Goose Egg Recipe Ideas

Goose eggs will quickly become the star ingredient in your favorite dishes, from custards to pastas.

Goose Egg Recipe Ideas

Reading Time: 5 minutes

Not only can you eat goose eggs, but once you try some of these goose egg recipe ideas you’ll always want to keep these eggs on hand!

Article by Kirsten Lie-Nielsen  — What do you do with an egg that’s two or three times the size of a chicken egg, with an almost 1-to-1 ratio of yolk-to-white and a thick, hard-to-crack shell? You’ve got yourself a goose egg, and while they aren’t commonly seen on menus, they’re the key ingredient in some delicious recipes.

Unlike chickens and ducks, geese are seasonal layers that produce only 50 to 100 eggs a year, depending on the breed of goose. These eggs are laid in springtime, approximately February through May, and require some skill to collect, as geese are notoriously protective of their nests. Once safely in your kitchen, a goose egg is an intimidating thing. It can weigh up to 200 grams, compared with a chicken egg’s 50 to 70 grams. When cracked open, the yolk is massive and deeply orange, and the white is thicker and harder to whisk than those of other eggs.

Can You Eat Goose Eggs?

Everything is bigger in a goose egg. These eggs have more protein, calories, and vitamins than their chicken-laid equivalents. They also have a stronger flavor; the size and deep-orange color of their yolks means they’ll make a colorful batter, and the denseness of their whites means using them in a batter will create a thicker, denser mix.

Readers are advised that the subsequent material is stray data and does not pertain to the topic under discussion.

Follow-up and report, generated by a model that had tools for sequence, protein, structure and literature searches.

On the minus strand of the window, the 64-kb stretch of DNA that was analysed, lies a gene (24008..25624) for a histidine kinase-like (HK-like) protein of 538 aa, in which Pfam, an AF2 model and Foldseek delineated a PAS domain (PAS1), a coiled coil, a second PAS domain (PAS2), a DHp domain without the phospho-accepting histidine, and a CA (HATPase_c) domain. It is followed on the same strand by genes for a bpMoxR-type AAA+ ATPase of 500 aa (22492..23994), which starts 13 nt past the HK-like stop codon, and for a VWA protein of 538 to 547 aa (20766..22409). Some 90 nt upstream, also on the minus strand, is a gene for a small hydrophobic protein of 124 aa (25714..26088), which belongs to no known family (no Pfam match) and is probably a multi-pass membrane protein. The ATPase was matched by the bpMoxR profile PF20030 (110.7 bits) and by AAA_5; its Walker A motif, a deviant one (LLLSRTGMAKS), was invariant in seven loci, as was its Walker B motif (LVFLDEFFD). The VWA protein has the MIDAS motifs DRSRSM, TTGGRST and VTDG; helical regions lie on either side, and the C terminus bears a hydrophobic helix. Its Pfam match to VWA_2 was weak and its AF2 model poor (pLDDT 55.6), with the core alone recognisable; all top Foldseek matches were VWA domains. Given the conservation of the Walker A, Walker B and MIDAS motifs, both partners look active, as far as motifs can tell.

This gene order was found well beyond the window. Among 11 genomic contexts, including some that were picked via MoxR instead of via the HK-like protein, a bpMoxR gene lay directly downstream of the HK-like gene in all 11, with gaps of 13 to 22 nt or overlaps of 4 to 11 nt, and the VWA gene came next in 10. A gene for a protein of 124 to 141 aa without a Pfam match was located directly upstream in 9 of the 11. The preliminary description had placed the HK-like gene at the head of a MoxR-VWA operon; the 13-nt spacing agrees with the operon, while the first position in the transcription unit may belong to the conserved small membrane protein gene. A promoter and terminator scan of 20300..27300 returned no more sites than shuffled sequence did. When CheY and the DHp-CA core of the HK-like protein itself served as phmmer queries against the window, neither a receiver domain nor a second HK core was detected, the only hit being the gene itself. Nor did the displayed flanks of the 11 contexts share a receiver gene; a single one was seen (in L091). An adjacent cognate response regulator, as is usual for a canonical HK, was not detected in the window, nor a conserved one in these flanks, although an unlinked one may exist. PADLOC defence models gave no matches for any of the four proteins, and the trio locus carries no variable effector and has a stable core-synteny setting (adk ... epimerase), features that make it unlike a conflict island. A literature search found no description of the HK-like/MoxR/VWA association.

While it may seem like having 50 to 100 eggs in springtime isn’t much if you have geese, you’ll be surprised how quickly goose eggs can overwhelm you. So, what do you make with these immense delicacies? The following recipes are a few favorites to create with goose eggs.

In addition to these goose egg recipe ideas, goose eggs can be fried up just like a traditional breakfast egg! They can be hard-boiled as well, taking 10 to 13 minutes compared with a chicken egg’s 5 minutes. Include them in any recipe that calls for eggs — just account for their size.

Goose Egg Recipe Ideas

Image by Kirsten Lie-Nielsen

So, not only can you cook with goose eggs, but you’ll find that recipes can be richer and tastier. Plus, it’s always fun to explain these eggs and show off their huge shells to guests before delighting them with a custard or homemade pasta. Don’t let a good goose egg go to waste!

Single Goose Egg Omelet

Image by Kirsten Lie-Nielsen

One goose egg is the perfect size for making a single-serving omelet. You can mix in any tasty additions to your omelet you’d like.
Yield: 1 serving.


  • 2 tablespoons butter, divided
  • 1/2 onion, chopped
  • 1/2 cup mushrooms, chopped
  • 1 goose egg
  • 2 ounces shredded cheddar cheese
  • Salt and pepper, to taste


  1. In a cast-iron skillet on medium-high heat, melt 1 tablespoon butter. Sauté onion and mushrooms until browned, and then remove from heat.
  2. Using a clean skillet, heat 1 tablespoon butter. As butter melts, crack goose egg into a small bowl and whisk until well-mixed.
  3. Pour egg into the skillet, and cook until edges are set. Add onion-and-mushroom mixture and cheese to half the egg. Add salt and pepper, and cook for another 1 to 2 minutes.
  4. Use a spatula to fold and serve the omelet. Enjoy with a side salad.